Using apps for work? Here's a couple to try at home

So, you're apped-out to the hilt at work. You've figured out what CRM application makes you more productive, what document storage app is the easiest to use.... but, what about when you go home? I recently moved to a new place and took the opportunity to splurge on some new technology I've been eyeing for awhile.

The Nest Thermostat The first one I am most excited about is the Nest thermostat. If you haven't heard of the Nest, think Apple + a thermostat. Yes, literally; the founders are former Apple, Google and Logitech folks.

This ain't your grandma's Honeywell; this thermostat has more technology than the Apollo 11 space shuttle. Some of my favorite features so far:

It programs itself to save energy. Nest is the first thermostat that learns my schedule and preferences. After about a week, it says that it will know my schedule and temperature preferences, then automatically activates features to help save energy. Nest says that the savings could be as much as 20% of your energy bill.

Easy auto-scheduler.  Nest automatically remembers what temperatures I set and uses them to create a custom schedule (which I can still override, if needed).

Auto-away feature. Nest uses activity sensors to sense when nobody's home and turn itself to an energy-saving temperature. They say that Auto-Away works in 90% of homes, even if Nest is in a room you don't use much. It has worked well so far for me.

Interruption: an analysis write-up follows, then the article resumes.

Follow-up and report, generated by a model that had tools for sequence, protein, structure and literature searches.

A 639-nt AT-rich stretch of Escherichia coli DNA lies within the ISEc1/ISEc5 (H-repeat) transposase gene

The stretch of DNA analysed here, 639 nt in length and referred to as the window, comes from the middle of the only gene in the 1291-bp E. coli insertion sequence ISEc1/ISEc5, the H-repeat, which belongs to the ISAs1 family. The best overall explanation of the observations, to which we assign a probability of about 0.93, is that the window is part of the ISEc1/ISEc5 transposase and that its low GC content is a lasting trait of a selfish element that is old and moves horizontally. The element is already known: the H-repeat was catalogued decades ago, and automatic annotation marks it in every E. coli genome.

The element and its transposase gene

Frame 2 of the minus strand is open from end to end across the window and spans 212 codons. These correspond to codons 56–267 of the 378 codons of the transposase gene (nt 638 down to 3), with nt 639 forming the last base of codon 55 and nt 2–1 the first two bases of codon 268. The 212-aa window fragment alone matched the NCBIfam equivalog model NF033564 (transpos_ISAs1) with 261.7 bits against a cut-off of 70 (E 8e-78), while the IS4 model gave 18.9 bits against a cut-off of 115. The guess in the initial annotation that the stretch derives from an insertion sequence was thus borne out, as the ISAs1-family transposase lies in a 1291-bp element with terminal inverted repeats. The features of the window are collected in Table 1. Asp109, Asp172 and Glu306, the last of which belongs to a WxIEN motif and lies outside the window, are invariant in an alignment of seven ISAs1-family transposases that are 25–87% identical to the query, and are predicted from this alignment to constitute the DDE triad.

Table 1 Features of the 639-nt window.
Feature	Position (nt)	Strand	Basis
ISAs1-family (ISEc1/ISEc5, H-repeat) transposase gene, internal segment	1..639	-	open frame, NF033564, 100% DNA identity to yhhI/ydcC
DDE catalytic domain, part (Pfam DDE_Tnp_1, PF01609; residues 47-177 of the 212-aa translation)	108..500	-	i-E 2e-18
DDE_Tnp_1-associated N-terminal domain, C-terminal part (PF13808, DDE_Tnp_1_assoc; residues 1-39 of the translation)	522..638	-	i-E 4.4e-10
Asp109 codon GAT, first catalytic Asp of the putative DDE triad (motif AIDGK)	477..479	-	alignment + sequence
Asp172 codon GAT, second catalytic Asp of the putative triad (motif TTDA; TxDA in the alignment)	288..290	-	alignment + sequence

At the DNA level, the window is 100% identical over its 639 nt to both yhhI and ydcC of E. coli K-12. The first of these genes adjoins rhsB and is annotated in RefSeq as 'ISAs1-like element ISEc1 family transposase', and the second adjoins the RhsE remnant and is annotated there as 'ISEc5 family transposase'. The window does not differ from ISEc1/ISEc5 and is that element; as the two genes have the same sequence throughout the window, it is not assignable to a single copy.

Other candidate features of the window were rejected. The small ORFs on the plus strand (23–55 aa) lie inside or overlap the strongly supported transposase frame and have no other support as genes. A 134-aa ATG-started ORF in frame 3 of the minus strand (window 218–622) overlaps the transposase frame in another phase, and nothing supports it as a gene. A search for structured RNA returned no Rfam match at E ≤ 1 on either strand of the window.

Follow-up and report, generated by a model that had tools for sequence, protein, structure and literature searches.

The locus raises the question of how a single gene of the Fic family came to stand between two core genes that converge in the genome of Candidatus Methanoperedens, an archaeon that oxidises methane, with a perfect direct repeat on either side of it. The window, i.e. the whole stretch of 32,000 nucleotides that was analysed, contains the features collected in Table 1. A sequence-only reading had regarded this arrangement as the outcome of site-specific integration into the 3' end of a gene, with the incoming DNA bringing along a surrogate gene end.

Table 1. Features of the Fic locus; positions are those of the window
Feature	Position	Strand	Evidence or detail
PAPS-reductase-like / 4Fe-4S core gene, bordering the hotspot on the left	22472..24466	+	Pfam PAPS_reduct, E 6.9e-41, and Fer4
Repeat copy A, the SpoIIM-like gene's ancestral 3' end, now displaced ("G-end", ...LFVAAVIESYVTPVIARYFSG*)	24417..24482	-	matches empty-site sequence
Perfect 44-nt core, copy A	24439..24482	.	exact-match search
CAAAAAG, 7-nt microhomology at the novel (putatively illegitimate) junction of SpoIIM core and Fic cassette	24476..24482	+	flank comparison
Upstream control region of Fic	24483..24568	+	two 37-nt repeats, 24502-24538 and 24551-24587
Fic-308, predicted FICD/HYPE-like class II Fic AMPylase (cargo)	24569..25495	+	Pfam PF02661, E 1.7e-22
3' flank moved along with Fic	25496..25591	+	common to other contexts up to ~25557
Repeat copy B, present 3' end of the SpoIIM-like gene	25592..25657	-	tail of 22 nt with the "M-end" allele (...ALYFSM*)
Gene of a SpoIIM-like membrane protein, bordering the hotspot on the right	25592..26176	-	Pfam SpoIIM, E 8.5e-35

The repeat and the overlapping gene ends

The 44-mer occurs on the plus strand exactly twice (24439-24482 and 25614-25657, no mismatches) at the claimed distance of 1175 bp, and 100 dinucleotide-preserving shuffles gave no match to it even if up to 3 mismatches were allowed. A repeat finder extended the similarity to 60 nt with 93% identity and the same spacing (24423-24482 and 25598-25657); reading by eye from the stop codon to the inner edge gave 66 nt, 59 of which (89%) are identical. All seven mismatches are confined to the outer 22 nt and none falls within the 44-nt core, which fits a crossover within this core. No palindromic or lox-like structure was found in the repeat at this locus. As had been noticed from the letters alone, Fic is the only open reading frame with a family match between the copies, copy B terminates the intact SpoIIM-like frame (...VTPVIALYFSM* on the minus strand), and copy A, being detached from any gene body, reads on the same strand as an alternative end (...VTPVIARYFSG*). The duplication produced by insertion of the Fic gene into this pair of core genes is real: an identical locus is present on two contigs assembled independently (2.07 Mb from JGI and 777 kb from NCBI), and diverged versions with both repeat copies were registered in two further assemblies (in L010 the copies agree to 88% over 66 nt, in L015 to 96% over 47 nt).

"Airwave". Because it is not yet summer, I haven't been able to use it yet, but I like the concept. Airwave automatically turns off the AC a few minutes early, but keeps the fan running in order to continue to circulate the cool air still in the vent shafts.

But that's not it.... the coolest feature is the Nest's iPhone  (or Android) application. The Nest app allows me to adjust the temperature and other thermostat settings from my iPhone.

Being that our new house is 3 levels, it is awesome to be able to grab my phone and change the temperature when my wife someone says "I'm cold", rather than having to jump up and run downstairs.

The only draw back I've noticed so far is that some visitors are intimidated to try to change the temperature simply because it doesn't look like a thermostat. But, it is as simple as telling them, "clockwise for heat, counterclockwise for A/C."

D-Link Wireless Network Camera Closed circuit video monitoring used to cost $1000s. Now, there are a multitude of affordable options, with Dropcam and D-Link being the two most popular. After doing a little more research, I chose the D-Link Day/Night Network Camera. While DropCam seemed to be a little higher quality, the D-Link was 50% the cost.

So far, it has been good. It too, has an Android and iPhone app available, making it easy to monitor anything from anywhere.

Two shortfalls of the D-Link (both were expected after reading the reviews prior to making the purchase):

  1. The audio portion of the camera is basically useless, I've muted it by default to avoid all the static.
  2. The camera angle is fixed once it is set up; there is no mechanism to modify the angle using the app.

All-in-all, I am happy with both pieces of hardware, as well as iPhone apps. Honestly, other than the fact these pieces of hardware are now internet-enabled, the underlying technology has been around for years (i.e programmable thermostats and closed-circuit video monitoring). What is new is that this technology is now accessible to anyone because it is now 1) easier to set up and use 2) increasingly affordable.

What is also exciting is that relatively minor tweaks would be necessary in order to use either of these applications in a commercial setting.

Anyone else using this or similar technology in a more commercial environment? Recommendations?